The court modified the class definition accordingly. It is now:
All Medicare beneficiaries who, on or after January 1, 2009: (1) have been or will
have been formally admitted as a hospital inpatient, (2) have been or will have
been subsequently reclassified as an outpatient receiving “observation services”;
(3) have received or will have received an initial determination or Medicare
Outpatient Observation Notice (MOON) indicating that the observation services
are not covered under Medicare Part A; and (4) either (a) were not enrolled in Part
B coverage at the time of their hospitalization; or (b) stayed at the hospital for
three or more consecutive days but were designated as inpatients for fewer than
three days, unless more than 30 days has passed after the hospital stay without the
beneficiary’s having been admitted to a skilled nursing facility. Medicare
beneficiaries who meet the requirements of the foregoing sentence but who
pursued an administrative appeal and received a final decision of the Secretary
before September 4, 2011, are excluded from this definition.
The court ordered that the agency establish appeals process for class members, under which they can argue that their inpatient admission satisfied the relevant criteria for Part A coverage—for example, that the medical record supported a reasonable expectation of a medically necessary two-midnight stay at the time of the physician’s inpatient order. Patients will be able to pursue these appeals in an expedited manner while still hospitalized. The court also ordered the agency to provide notice of these procedural rights.
UPDATE: On May 22, 2020, the government appealed the district court’s trial decision to the Second Circuit. Their opening brief will be filed in the fall. In the meantime, the government must implement the court’s order, and plaintiffs’ counsel is trying to determine an approximate timeline for when an appeals process for beneficiaries will be established.
For answers to frequently asked questions from people who think they may be class members, please see the Center’s website here.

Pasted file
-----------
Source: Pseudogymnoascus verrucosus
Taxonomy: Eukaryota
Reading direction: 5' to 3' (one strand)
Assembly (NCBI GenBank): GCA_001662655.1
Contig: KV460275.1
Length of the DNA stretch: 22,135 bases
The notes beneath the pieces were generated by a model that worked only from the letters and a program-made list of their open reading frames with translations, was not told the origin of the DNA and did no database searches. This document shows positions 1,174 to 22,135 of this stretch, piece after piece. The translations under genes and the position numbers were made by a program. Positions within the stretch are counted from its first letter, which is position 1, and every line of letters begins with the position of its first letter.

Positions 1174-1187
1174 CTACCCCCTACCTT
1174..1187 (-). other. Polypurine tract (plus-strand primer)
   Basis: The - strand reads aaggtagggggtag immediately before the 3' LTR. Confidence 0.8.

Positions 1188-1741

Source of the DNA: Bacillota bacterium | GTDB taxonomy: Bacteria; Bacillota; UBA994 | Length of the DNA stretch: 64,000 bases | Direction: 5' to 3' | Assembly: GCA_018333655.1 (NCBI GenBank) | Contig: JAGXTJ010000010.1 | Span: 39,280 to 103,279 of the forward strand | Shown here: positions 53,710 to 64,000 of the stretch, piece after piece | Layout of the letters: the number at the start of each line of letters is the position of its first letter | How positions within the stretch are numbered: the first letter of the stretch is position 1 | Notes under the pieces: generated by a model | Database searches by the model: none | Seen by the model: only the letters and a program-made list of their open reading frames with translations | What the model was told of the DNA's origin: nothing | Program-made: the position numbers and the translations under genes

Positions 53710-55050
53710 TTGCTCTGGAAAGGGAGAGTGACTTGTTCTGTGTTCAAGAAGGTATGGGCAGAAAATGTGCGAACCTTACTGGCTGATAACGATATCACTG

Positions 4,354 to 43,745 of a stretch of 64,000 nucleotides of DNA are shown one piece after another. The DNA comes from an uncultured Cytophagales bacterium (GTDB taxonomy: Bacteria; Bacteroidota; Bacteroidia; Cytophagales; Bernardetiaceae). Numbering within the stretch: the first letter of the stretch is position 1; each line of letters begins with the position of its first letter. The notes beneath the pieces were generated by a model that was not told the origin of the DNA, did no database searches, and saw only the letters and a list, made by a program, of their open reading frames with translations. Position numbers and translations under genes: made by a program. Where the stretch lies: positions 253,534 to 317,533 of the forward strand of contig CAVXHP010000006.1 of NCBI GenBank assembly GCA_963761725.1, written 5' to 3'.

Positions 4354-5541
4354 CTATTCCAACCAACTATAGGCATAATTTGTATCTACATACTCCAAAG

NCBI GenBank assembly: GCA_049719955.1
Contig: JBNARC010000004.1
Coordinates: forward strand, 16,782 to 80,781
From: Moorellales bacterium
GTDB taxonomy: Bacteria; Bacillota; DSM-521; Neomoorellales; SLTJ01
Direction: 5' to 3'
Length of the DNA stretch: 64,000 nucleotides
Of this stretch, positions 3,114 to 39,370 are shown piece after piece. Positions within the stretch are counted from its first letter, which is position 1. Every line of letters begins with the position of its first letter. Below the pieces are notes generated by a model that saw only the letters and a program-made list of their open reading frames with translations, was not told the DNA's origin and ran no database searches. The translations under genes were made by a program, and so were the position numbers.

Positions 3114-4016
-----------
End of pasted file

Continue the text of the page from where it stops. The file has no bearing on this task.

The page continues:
- McKee v. Azar, No. 2:19-cv-114-cr (D. Vt.) (coverage of home health services). On July 2, 2019, Vermont Legal Aid and the Center for Medicare Advocacy filed a lawsuit in federal court in Vermont, on behalf of a Medicare beneficiary whose was denied coverage of home health services. The beneficiary required skilled nursing visits to assess and treat her multiple serious medical conditions. The case challenges the Medicare agency’s failure to follow applicable law, including the standard clarified in the Jimmo v. Sebelius settlement, which requires the determination of whether individuals are eligible for Medicare coverage to be made on the basis of beneficiaries’ need for skilled care, not on their potential for improvement. This determination should be based on each beneficiary’s unique condition and individual needs. In this case, the plaintiff challenges the Secretary’s conclusion that her “stable” condition precludes a determination that she required skilled care and qualified for Medicare coverage of home health services. In addition, she challenges the agency’s failure to afford appropriate weight to the opinion of her treating physician about her need for skilled care.
Plaintiff filed a motion requesting reversal of the coverage decision on November 4, 2019. She argued that the coverage decision violated the standard clarified by the Jimmo settlement, and that she was eligible for home health coverage based on skilled observation and assessment as well as patient education services.